I was going to do this a week or so ago, but I must admit to constantly being sidetracked every time I try to do the thing that I tend to call “research”, but which in all honesty actually equates to “going on the internet for a bit”. During that extended period, the main thing I have researched is that There Are A Lot Of Bands Called Argonaut. Which leads me to hope that, in the description of the band that follows below, I am talking about the right one. If I do have the right one however, it’s a rather lovely story of how this EP kind of came together. If I haven’t, then it’s a lovely story anyway.
It is of little surprise to anyone who has breezed through these pages before that I’m rather partial to the Cover Version. Reasons for my love of this particular form of expression are many and have no doubt been mentioned before – a new slant on old favourites, a previously unseen roadmap/blueprint from much-appreciated artists, a way of discovering previously unknown material or sometimes just goofing off for entertainment purposes. Out of the previously-listed criteria for what I usually enjoy from a collection of someone doing a bunch of songs by other people, I honestly have no idea where to file this one, and the way that I went through the first listen was fraught with myriad temptations that would have meant that it would have taken several hours to get from one end to the other.
Mark Kozelek of course isn’t averse to knocking out the odd cover version (and knocking them out of the park), and something particular to his treatments of classics, favourites and assorted others is that they are well and truly bent around his own personal outlook to the point that they are scarcely recognisable as covers, fitting in cuckoo-like among his own body of work. Like Rats is sort of a continuation of this; thirteen songs from a very broad church that make perfect sense here due to the way that they have been reconstructed, and a palpable sense of the joy of reinterpretation and making completely new versions that retain those precious few moments of “Hang on, I know this one…”
There’s much been said about the classic Side 1 Track 1s of musical history, and rightly so. However – and this my be a bit weirdly compulsive of me – when I have a quick sample of something completely new to me, it’s not the first track I head for. Instead, I decide on blind buys on the strength of a record’s second piece; introductions are all well and good, but I prefer to take in the song where the artists have already drawn in their audience having got their attention, and are now having to keep it for the remainder of the album. Track 2 is where the work starts, and it’s a method that’s served me well. That this particular record contains one of the best second tracks of any record I’ve stumbled across lately should therefore come as little surprise after that buildup.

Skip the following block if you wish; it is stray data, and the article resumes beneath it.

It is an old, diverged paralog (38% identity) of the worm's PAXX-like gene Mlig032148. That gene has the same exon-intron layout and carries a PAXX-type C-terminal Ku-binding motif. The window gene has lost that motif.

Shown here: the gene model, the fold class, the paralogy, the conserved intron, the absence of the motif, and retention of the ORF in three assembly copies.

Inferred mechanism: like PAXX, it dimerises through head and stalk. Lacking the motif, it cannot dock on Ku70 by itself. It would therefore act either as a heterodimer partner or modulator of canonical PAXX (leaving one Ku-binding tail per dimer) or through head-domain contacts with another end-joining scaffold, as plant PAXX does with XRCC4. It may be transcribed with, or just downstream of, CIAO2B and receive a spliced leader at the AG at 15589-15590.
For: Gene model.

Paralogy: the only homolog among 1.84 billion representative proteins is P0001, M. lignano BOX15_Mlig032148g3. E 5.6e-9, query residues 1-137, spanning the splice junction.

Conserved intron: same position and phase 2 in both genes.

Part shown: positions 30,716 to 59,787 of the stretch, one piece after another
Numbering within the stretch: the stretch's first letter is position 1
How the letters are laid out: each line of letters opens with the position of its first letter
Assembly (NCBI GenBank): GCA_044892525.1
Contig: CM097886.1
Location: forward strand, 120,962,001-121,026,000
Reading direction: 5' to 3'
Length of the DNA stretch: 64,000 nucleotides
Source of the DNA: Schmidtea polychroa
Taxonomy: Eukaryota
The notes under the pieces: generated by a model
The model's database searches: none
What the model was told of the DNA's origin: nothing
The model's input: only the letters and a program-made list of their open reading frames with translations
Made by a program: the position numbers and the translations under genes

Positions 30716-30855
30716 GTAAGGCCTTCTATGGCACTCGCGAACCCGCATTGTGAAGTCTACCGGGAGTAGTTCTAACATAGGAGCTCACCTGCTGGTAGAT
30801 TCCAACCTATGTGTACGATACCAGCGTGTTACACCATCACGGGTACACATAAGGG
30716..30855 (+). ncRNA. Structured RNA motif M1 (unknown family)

It’s Shrove Tuesday! And while the rest of the world celebrates the onset of Lent by indulging in big sparkly parades with shenanigans aplenty, we Brits pretty much fry glue. Ah well, each to their own.
But enough of this, I need to get this typed out before the unremitting misery of Ash Wednesday befalls us. This quirky gem is from an artist who appears on quite a few of the records in here either as guest vocalist or instrumentalist, but this is the first instance where I have bought something with her name on the front. And what a strange place for me to be starting this with.
It’s been a silly old 2013 round here. Stresses, strains, constant six-day weeks and a bit of soul-searching have been hammering away at the back of my head, with somewhat inevitable results. The weather not bothering to make its mind up about what it’s doing hasn’t helped the general feeling of unspecified malaise either, although that might just be the horsemeat in the lasagne talking (or neighing).
Thankfully a couple of major changes have taken (or are in the midst of taking) place, leaving a clearer view. And there’s also the arrival of this, which has helped rather a lot – a record that lifts the spirits by instilling a feeling of camaraderie and community by simply being itself, and that revels in the battles against the crushing normality of daily doings that get to us all.
Men. We do like our gadgets, don’t we? Of course we do. And the more things that a gadget has to tinker about with in a knowing fashion (“knowing”, usually meaning “what happens when I do this?” – generally leading to “honest, it was like that before I came in” mumbled excuses), the better it is, because Tinkering has long since replaced Hunter/Gathering in our genetic makeup, much to the annoyance of everyone else.
And now, after some confusing jiggerypokery regarding the way that our much-loved Transatlantic chums do their dates the wrong way round which had me all excited for watching this on the 2nd of January, Dave Grohl’s paean to a particular mixing desk is finally available to view.